Once you feel comfortable playing the notes, you may want to experiment with the quality of the sounds you produce to add color and texture to your flute playing.

You can make vibrato effects on your flute. These are tremulous or pulsating effects produced by small and rapid variations in the pitch of a note. They considerably enhance the quality of sustained notes if done well. I think some operatic singers over do it! To create a vibrato effect you generate puffs of breath while sustaining the note. Try a belly laugh while playing a note. Vibrato is most effective if done in a subtle manner.

Tonguing helps to shape notes. As you blow, silently say too, or doo. When done successfully, your notes will have a nice pure sound. On some flutes, tonguing is necessary to get a clean sound, especially from the high notes, X and Y.

A trill is a fluttering or tremulous sound, like the song of some birds. Trills are made by "fluttering" your finger, or fingers, when going from one note to another. Trills are sometimes called grace notes or ornaments because they are not part of the song but simply embellish some of the notes in the song. For example, in the sequence 2, 1, 2, 1, 2, the small notes are the trill. They should be played very fast, with a constant breath, and slurred together with the main note (big note), that you are trilling on.

To make a wailing sound, start each note softly, then more and more loudly, and then softly again. Here you can overblow to enhance the wailing effect.

Bending refers to sliding from one note to another. While blowing 0, hold your index finger on the flute, just below, and to the side of the first hole. Still blowing 0, very slowly slide the finger into position over the first hole to make the slide from O to 1. Repeat, 0, 1, 0, 1,

Hopefully, these examples of different ways to play notes will encourage you to freely "voice" yourself through your flute. For example, saying tika while blowing a note produces a nice effect. Also, try caressing a hole while blowing.

Cleaning your flute

Moisture will tend to collect in your flute during extended playing, especially on cool days. Try to keep it dry. If the notes begin to sound fuzzy, moisture has collected in the air channel. There are various remedies.

  • Cover the sound hole with your finger and blow hard to force the moisture out of the air channel under the block.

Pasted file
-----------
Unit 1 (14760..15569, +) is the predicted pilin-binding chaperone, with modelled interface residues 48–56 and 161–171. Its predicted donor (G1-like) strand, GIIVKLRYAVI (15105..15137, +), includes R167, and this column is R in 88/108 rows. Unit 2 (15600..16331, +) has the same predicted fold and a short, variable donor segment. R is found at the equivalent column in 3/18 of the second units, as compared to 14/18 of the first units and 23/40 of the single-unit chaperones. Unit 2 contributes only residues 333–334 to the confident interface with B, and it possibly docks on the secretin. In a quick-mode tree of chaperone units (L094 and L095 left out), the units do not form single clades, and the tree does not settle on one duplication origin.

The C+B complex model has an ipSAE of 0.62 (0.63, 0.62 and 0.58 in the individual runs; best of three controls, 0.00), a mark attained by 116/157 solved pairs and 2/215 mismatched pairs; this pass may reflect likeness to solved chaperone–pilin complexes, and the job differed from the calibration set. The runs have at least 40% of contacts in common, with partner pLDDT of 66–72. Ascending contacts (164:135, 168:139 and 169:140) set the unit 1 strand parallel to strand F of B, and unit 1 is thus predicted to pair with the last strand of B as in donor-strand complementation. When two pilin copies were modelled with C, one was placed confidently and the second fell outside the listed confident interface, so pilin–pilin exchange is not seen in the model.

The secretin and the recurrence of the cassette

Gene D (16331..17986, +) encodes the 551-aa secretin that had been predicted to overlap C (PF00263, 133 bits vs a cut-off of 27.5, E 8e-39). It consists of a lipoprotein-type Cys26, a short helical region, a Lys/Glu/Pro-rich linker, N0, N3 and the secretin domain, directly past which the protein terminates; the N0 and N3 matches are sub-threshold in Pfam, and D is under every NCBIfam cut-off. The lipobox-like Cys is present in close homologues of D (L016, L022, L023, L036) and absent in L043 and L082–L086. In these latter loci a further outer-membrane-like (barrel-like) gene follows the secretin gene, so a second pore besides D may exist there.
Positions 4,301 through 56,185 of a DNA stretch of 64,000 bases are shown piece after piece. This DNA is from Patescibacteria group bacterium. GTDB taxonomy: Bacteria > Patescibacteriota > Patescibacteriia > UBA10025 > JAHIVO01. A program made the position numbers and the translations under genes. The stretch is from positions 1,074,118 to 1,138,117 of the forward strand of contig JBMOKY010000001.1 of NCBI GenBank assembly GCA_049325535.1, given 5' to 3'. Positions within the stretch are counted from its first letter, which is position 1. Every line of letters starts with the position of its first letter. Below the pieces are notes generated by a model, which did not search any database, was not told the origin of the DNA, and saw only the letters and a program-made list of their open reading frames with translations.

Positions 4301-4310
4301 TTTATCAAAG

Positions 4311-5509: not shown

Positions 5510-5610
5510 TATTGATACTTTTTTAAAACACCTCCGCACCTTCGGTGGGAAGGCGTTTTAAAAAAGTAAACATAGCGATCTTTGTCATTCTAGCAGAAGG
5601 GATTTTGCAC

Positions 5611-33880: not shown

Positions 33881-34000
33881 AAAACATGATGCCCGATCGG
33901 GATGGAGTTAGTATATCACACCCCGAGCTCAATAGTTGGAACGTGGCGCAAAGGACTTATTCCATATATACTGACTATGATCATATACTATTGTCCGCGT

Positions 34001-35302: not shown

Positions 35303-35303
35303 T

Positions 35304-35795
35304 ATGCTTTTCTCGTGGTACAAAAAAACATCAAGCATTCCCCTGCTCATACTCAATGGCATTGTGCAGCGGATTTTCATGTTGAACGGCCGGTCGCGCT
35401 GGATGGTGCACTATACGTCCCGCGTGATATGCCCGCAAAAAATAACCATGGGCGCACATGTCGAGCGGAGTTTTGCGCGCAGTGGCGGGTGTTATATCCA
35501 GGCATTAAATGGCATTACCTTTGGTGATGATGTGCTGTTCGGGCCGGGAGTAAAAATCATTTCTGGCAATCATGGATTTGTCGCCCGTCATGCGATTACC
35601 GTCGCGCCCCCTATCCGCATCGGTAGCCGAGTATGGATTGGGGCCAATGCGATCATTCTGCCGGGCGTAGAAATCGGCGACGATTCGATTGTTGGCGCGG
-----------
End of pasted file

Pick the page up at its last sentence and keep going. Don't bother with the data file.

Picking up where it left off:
• Moisture can also be removed from inside the body of the flute by holding it by the bottom end and swinging it vigorously.
  • Dismantle your flute and wipe the parts. It is best to leave the block off to air-dry the upper chamber after extended playing.

Protecting your flute

  • An occasional light coat of oil will feed the wood.
  • Be careful not to damage the fine beveled edges on the upper hole and sound hole when handling your flute.
  • Avoid extreme temperature changes as this may warp or crack the wood.
  • Flutes will crack, most commonly at the seam near the mouth end. This may occur when the flute is wet and cold and you blow into it hot, damp air, your breath!
  • Some flutes are made with the upper chamber of the flute treated with a preservative which helps some with the cracking problem.

A Compact Fingering Chart

For those of you who can read music I place below a compact fingering chart with the fingering for all the notes you can get on a five-hole flute with proper half-tone tuning. Some six hole flutes will behave like five hole flutes if the 3rd hole from the top is kept covered at all times.

At the top I put the 8 notes of the Native American Pentatonic scale. Restricting yourself to these 8 notes facilitates playing Spirit songs that are appropriate to the Native American flute and improvisations played with others that have flutes tuned to the same key will sound great!.

Native American flutes are most commonly tuned to the keys of E, F#, G or A. (The key is the low note with all holes covered.) Which notes are sounded by a particular fingering combination on a flute of a particular key is shown in the middle section of the chart. For instance, covering the top two holes creates a B on an E flute and a D on a G flute.

At the bottom of the chart are shown all the half-tone notes (15) you can play.

© Bob Edgar 1997

To get the Native American Flute Book call Stephen DeRuby at 1-800-4-FLUTES

I can be reached at

First posted on January 28, 1997
revised, February 27, 2000